Manitobans are traditionally generous to the less fortunate. Need proof? Well, a recent report by the Fraser Institution puts Manitobans on the top of national generosity list. According to the Fraser Institute, 25.9 per cent of Manitobans reported a tax-deductible contribution to charity in 2011, while the Canada-wide rate was 22.9 per cent. In addition, Manitoba ranked first among provinces and territories for the percentage of total income donated to charity at 0.89 per cent, compared to 0.64 per cent across the nation.
Manitobans are particularly giving at Christmas time, recognizing the need for holiday cheer for everyone. In Winnipeg, annual donations of food and money flow into the Christmas Cheer Board. This year, the Christmas Cheer Board wants to help over 50,000 of the city’s less fortunate through the gathering of 18,000 hampers. Each Christmas, hundreds of groups and businesses across the city contribute to hampers of food and toys on behalf of the board, which are then presented to needy families.
Others donate their time to helping sort hampers for the Christmas Cheer Board or by preparing and serving meals to people in need at Siloam Mission on Christmas Eve and the Salvation Army, which hosts a pre-Christmas meal for the homeless. Christmas meals are a tradition with a long history in Winnipeg. In fact, serving meals to the less fortunate at Christmas time has been around for decades. One hundred years ago, the headline in the Winnipeg Tribune on December 26 was, Thousands Enjoy Christmas Cheer: Estimated That 10,000 Free Dinners were Supplied by Public Philanthropy.
“Christmas 1913 has turned into history ...,” continued the article below the headline. “The feature of the day’s display of public hospitality was at the Salvation Army’s citadel. A Motley throng was served including representatives of the many nationalities that are embraced in the population of the city. The arrangements for the catering for the big crowd was carried out under the direction of Major McLean, who had a large band of workers who seemed to have the acme of happiness in doing good. Dinner was served from eleven o’clock at three long tables ... The last meal was served at three o’clock. All the time the band in an upper room supplied a concert, a most enjoyable adjunct to the feast.”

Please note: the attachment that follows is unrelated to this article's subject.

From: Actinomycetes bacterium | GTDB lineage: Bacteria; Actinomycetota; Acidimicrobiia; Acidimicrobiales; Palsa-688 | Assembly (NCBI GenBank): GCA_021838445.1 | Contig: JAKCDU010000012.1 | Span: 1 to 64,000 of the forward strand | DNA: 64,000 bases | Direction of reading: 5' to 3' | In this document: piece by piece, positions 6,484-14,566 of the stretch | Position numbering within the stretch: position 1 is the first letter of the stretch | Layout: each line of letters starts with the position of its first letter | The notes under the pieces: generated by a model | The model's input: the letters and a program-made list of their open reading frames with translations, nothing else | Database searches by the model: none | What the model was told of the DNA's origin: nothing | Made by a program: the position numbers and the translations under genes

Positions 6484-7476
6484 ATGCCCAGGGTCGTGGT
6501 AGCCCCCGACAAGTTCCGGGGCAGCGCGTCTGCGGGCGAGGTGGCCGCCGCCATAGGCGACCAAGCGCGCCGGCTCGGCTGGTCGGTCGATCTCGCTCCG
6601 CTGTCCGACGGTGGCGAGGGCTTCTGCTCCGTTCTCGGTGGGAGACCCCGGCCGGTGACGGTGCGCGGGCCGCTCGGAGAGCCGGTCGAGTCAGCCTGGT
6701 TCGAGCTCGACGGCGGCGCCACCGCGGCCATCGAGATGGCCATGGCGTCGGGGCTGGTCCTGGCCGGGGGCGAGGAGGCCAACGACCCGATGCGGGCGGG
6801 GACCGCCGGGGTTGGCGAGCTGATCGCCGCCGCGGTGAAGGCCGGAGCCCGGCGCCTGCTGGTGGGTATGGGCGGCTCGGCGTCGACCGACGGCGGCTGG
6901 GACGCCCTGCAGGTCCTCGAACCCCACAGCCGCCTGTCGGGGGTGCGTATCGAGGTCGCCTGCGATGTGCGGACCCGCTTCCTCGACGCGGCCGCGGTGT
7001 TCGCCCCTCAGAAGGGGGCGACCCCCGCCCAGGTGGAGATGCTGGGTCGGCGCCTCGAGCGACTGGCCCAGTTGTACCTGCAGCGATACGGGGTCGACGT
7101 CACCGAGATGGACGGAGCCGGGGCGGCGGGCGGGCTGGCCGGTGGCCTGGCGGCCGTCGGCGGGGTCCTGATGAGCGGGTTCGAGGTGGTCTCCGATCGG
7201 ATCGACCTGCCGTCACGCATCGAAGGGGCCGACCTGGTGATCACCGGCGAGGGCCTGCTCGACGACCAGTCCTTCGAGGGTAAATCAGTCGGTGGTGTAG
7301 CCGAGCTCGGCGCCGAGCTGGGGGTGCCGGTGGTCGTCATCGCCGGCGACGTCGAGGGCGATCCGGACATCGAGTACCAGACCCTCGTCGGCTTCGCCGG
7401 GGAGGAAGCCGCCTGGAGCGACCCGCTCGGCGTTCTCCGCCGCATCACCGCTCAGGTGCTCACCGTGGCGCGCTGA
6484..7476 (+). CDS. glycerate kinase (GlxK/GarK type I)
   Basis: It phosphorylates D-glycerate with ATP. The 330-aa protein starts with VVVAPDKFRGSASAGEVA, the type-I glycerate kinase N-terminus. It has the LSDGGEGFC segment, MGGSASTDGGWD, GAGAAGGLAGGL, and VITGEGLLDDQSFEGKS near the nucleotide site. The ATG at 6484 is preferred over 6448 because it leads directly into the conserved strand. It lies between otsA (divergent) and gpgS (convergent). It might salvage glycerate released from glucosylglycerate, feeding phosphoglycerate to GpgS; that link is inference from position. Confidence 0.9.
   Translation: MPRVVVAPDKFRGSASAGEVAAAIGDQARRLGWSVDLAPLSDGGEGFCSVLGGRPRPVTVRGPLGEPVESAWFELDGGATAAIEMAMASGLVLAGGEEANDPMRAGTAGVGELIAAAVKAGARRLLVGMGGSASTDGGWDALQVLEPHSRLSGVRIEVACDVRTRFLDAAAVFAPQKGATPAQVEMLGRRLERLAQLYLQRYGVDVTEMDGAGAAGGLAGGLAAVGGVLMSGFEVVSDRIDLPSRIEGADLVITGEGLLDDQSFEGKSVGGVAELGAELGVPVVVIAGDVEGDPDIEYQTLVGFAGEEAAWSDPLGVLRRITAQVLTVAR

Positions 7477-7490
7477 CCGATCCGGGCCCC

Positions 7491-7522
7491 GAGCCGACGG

According to Staff Captain Peacock, the feast was made possible by the “generosity of the Winnipeg public.”
As is the case today: “Large contributions were made to the (Salvation Army) pots (kettles)” along public thoroughfares.
“Donations were made at many of the big firms in the city ...”
At the citadel, six men carved “beautifully browned turkeys” (Manitoba Free Press, December 26, 1913).
Besides turkey, dressing and cranberry sauce, plates were heaped with roast beef, turnips and potatoes, as well as bread and butter. At the end of the hall was the dessert table, where barrels of apples quickly disappeared, and “hundreds of pies followed their natural course ... Each polished apple and each piece of pie helped to make some heart glad.”
The need of those eating at such a feast was quite evident, as was the excitement of having a solid meal for what may have been the first time in days, even weeks or more.
What is amazing about the Christmas meal 100 years ago is how familiar the scenes would be if one was attending a similar feast today.